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Linguistics and SFF: Orthography and Etymology

Last time on Linguistics and SFF: Orthography and Vowel Systems

In this post, I’ll be discussing orthography and etymology.  Etymology is the study of the history of words–basically tracing the forms of a word through time all the way back to its origins.  Since I’m writing in English, I’ll mostly be using English examples for etymology.  And that’s great, because English has such a complex past.

Now, where the orthography part comes in is that you can often tell the origin of a root in English by the orthography.  English spelling will use a letter combination for words from one language to represent a sound, even though we already have a perfectly good letter for that sound.  And its based partially on how orthographies interact, and partially on language change.

So, English has several alternate spellings based on etymology.  For example, the use of “ch” instead of “k” for the /k/ sound.  An example is the word “chemical”, which comes from Medieval Latin “alchimicus” through the word “chemic” in the late 1500s.  It goes back to the Greek form “khemeioa” through Arabic “al-kimiya”.

“Ch” is called a “digraph”, meaning two graphemes used to represent a single phoneme.  It is common to many roots received originally from the Greek.  These roots often passed through Latin,which used the “ch” digraph to represent the Greek /kh/ an aspirated voiceless velar stop, which Latin lacked.  The pronunciation became /k/ in Late Latin, and is thus the one we’ve inherited into English today.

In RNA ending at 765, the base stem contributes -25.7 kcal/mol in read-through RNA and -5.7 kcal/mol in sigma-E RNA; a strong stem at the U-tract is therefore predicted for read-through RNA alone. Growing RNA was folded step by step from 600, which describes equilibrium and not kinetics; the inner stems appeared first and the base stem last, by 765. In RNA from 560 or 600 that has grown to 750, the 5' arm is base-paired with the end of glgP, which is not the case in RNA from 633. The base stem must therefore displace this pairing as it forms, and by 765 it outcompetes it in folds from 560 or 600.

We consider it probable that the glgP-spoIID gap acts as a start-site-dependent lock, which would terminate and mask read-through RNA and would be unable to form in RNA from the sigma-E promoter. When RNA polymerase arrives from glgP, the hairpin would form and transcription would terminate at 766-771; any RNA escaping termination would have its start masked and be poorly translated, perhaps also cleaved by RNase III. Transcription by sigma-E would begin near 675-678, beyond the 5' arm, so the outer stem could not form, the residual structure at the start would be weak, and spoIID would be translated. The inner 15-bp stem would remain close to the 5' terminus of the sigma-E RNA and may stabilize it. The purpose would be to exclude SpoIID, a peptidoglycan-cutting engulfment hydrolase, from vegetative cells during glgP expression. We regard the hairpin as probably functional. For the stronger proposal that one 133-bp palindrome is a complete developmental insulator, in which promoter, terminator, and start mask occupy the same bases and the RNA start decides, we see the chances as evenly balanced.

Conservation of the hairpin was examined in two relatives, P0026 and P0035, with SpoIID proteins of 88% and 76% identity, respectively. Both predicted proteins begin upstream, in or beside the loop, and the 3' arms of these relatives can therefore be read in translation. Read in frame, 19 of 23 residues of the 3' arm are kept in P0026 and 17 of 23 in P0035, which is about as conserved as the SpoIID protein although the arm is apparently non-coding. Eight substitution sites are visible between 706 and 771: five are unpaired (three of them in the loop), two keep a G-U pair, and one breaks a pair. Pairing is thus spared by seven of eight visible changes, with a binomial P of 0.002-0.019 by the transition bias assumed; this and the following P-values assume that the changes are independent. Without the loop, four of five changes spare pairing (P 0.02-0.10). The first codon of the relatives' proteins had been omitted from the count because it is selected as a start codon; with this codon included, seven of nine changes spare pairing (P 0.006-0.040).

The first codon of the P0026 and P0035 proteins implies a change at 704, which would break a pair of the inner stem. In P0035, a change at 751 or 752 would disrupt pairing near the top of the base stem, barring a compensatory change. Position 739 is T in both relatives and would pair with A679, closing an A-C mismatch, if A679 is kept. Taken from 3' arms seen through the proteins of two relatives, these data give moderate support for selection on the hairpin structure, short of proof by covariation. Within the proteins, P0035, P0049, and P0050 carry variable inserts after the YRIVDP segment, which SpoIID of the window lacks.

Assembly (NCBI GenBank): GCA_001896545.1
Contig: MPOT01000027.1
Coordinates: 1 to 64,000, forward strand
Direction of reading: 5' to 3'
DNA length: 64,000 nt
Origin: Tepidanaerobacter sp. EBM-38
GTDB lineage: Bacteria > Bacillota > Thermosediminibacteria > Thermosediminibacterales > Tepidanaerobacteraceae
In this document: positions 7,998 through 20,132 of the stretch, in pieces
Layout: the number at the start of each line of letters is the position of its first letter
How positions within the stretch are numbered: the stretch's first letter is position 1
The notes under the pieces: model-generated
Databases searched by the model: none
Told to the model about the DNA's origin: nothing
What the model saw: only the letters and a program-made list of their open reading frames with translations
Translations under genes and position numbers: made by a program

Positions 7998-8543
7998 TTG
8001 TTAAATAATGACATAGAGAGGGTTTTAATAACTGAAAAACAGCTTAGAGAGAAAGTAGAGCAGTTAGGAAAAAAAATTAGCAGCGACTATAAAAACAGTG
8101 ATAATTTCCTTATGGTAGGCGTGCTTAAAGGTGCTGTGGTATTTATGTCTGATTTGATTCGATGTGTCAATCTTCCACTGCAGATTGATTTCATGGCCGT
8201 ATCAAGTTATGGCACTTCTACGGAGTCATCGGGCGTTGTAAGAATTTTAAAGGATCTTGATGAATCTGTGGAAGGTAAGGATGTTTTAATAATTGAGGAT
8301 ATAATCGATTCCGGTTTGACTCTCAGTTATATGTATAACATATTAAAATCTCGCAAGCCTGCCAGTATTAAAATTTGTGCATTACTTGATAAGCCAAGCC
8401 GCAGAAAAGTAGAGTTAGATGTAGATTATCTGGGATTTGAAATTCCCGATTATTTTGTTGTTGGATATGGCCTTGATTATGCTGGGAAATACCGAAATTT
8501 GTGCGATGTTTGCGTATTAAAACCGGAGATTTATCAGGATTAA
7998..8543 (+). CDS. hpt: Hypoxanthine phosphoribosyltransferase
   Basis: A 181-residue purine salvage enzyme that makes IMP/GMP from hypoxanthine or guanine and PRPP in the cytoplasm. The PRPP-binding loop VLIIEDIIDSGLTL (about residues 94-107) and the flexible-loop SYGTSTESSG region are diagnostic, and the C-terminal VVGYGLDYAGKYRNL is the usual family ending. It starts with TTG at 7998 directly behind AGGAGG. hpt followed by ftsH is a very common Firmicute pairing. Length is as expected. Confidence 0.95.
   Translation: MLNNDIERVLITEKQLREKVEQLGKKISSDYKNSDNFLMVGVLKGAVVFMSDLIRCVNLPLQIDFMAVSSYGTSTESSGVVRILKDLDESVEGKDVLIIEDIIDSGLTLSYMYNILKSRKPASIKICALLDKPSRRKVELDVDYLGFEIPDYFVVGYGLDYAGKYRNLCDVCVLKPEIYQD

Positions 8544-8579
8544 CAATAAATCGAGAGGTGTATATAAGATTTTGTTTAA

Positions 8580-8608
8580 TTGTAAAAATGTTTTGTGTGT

I go into detail here for a few reasons.  First, understanding your own orthography can be useful ind designing others.  Second, most novels use strictly English orthography, so options are limited.  However, by considering the connotations of various loan word roots in English, you can achieve a certain amount of meaning.  For example, in order to differentiate a con-word in a novel, you can use common digraphs such as “ch”, even if the word would be pronounced with a normal /k/ sound.  In this way, you can make a word seem older, foreign, etc without resorting to special symbols, or that mainstay of conlang/foreign language typography, the italic word/phrase.